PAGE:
We can see these two fields as two sides of one coin. Systems biology mainly is the analytical side. They are trying to reverse-engineer some systems, and synthetic biology is the attempt to create something new. And of course, they’re mutually dependent. So, for instance, a lot of the information that will be needed for synthetic biology to really work and design more complex circuits will be provided by systems biology approaches.
But this design aspect is not in systems biology, so this is something that we have to establish, and the corresponding tools.
How would you characterize the current level of cooperation or interaction between these two subdisciplines?
There is at least 50 percent overlap between the two communities. Many people who are in the synthetic biology field are also in the systems biology field, but it’s not the same vice versa.
What are your particular short-term goals for the field?
The more short-term goals are first to devise computational methods that allow for robust design of circuits. This is essential because in biology you don’t have the exact specification of your components, you don’t know how many other things they interact with in the cell when you connect them. The idea is to devise methods and theories that allow some robustness of the circuit.
Projects that are currently running, for instance, deal with establishing oscillators and so on that are robust. Of course, people have done this. The first application was in 2000, but it’s much harder to build a robust oscillator that you can tune, for instance, than to just build something that does oscillations.
I think we’re currently at this level, so we’re trying to make these really fundamental designs – things like oscillators, switches that we need to build something more complex.
But of course there are other people working on other aspects, for instance trying to reprogram stem cells.
Do you have a sense yet of how well these designs perform? Are you able to validate them experimentally?
Usually you do some type of dynamic mathematical model, and then try to see under which operational conditions this could work, under what performance specifications. Then the ultimate test always is just to build the circuit, but this is far from perfect, of course – the translation from the model to the real world. It’s not like, for instance, how you can build a new airplane and just test it.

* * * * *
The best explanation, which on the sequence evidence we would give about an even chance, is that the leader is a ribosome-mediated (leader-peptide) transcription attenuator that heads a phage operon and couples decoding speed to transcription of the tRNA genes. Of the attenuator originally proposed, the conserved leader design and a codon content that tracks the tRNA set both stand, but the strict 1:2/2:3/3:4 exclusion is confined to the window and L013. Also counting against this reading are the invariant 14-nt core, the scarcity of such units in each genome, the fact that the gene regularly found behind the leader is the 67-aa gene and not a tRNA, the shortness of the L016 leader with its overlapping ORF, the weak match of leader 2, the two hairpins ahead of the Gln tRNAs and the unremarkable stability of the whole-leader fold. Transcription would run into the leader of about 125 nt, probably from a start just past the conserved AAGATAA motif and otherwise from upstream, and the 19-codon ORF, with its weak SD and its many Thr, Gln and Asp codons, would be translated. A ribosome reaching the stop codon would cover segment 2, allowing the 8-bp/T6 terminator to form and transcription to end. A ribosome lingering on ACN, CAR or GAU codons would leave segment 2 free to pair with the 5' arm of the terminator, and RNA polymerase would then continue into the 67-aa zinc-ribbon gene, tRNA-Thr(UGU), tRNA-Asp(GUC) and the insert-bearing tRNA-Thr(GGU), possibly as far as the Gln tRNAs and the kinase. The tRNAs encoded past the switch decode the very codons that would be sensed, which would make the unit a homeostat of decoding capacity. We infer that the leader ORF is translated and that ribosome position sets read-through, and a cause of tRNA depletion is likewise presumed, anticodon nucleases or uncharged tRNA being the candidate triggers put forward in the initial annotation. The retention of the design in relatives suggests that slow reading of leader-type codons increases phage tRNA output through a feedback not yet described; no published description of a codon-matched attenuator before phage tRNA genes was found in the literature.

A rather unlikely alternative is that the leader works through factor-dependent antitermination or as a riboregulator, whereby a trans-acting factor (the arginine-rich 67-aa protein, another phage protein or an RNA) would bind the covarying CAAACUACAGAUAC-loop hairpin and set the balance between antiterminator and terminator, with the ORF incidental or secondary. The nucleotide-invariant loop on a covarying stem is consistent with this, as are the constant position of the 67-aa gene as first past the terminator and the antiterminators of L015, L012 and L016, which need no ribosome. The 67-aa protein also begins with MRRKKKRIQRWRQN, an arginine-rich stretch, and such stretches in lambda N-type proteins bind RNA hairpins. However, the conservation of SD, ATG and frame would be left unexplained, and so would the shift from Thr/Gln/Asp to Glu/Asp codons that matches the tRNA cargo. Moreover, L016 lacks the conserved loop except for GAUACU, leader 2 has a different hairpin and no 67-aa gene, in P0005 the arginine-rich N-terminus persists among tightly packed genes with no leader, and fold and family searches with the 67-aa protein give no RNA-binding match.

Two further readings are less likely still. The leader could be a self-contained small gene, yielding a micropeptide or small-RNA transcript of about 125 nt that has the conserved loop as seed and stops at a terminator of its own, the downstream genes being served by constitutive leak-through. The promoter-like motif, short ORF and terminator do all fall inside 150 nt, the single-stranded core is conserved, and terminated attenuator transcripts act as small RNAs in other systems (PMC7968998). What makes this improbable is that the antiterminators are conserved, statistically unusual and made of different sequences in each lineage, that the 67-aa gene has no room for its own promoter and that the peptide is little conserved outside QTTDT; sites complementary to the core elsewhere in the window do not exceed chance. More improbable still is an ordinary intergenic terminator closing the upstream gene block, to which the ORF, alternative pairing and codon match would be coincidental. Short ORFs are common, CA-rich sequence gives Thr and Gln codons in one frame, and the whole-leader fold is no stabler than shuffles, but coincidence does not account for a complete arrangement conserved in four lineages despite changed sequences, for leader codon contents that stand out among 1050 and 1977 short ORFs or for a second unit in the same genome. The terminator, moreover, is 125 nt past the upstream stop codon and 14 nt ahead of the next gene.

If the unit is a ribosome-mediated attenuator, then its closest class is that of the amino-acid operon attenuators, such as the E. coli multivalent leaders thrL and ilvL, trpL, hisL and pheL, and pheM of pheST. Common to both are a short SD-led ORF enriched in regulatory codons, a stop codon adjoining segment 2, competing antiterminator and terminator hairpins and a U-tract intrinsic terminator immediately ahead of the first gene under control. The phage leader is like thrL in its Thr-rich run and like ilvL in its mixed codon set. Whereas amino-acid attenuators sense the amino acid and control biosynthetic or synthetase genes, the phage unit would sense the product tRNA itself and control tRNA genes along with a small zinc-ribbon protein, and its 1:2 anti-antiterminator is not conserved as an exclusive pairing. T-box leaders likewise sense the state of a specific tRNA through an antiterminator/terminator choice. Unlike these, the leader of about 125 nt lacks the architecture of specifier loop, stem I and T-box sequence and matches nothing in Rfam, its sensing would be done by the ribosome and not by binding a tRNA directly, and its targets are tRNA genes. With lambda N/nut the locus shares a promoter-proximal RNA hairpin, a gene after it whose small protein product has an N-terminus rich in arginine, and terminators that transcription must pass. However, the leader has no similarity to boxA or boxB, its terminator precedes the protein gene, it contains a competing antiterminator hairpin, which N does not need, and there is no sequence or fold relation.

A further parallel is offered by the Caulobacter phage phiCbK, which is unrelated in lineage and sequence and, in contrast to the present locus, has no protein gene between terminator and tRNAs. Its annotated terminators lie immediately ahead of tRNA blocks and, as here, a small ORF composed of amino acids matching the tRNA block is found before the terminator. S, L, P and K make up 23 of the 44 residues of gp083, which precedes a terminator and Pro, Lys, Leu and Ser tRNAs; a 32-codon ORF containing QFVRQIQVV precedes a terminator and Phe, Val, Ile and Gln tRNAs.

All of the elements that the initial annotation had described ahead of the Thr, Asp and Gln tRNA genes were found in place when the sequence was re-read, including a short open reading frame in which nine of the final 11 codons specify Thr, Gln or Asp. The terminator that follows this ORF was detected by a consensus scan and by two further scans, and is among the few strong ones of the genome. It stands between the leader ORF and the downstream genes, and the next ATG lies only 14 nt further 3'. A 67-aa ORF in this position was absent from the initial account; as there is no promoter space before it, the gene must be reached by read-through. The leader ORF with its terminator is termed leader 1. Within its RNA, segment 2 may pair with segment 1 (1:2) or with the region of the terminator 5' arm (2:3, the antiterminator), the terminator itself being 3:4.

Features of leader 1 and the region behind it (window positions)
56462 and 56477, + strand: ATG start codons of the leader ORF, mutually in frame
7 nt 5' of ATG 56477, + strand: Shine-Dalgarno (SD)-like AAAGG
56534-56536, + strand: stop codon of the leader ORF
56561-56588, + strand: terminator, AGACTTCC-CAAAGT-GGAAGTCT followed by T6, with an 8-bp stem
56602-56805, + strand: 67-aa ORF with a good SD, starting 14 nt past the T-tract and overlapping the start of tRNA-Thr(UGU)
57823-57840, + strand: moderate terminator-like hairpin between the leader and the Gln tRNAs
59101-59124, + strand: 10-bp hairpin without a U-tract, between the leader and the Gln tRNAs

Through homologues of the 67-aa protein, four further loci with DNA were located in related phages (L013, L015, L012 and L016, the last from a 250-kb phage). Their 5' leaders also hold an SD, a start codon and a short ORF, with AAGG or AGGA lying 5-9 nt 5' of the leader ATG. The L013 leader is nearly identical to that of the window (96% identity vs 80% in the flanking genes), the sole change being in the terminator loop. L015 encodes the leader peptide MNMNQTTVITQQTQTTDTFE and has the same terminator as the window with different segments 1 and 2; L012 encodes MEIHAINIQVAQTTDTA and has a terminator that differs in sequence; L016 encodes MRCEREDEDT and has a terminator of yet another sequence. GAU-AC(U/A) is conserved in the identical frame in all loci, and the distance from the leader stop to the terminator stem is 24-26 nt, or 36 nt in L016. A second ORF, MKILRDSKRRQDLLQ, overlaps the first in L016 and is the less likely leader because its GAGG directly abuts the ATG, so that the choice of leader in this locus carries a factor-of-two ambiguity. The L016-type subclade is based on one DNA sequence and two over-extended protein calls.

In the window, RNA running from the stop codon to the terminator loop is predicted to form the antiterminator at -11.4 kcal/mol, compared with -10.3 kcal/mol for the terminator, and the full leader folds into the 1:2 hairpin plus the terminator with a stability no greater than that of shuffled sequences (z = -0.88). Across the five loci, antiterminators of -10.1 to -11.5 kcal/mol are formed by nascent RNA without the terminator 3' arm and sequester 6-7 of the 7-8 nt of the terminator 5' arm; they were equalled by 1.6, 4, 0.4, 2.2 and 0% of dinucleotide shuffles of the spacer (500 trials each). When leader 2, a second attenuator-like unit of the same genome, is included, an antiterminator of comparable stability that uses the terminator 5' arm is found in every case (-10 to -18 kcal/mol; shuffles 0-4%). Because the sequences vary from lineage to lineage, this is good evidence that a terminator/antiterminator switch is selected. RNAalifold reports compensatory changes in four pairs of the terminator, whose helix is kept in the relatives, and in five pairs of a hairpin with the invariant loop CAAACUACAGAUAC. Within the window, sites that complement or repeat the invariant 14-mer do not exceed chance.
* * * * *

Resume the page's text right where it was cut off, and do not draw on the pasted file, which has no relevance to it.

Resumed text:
Do you have an idea about how long it might take for these tools to be more reliable?
I think it will be pretty soon, say the next five to 10 years. Because the field is developing rapidly. I have the impression that many people from engineering are getting into the field now, so they have this background of really making these rigorous designs.
So what would be possible in five to 10 years? Would an organism like a bacterium be designable by then?
Perhaps not completely, but I think something like an artificial cell to test new properties – I think that would be feasible.
One other aspect is that other groups are also trying to use DNA as biological components to grow new sorts of computers, so this could have an effect on that field. That’s really mid-term or long-term growth.
Is there anything else worth noting about what you’re seeing in the field right now regarding computational methods?
I think it’s a little bit unlike systems biology. This will not be mainly about methods for data storage or for data interpretation. The computational aspects will be different in terms of more detailed simulations, more of these design aspects. So these computational designed systems [will require us] to build pipelines that allow us to gather information that is available in parts, interpret them in a meaningful manner, and then use them as building blocks of new systems.
So this may be one distinction between systems biology and synthetic biology. There are many aspects in systems biology in which computation is simply used to interpret massive amounts of data, and in design the task is different. Perhaps you may have the challenge of how to interpret massive possibilities of how to design a circuit, but there’s a forward direction. You don’t try to identify something, but to build something new, and this presents different problems.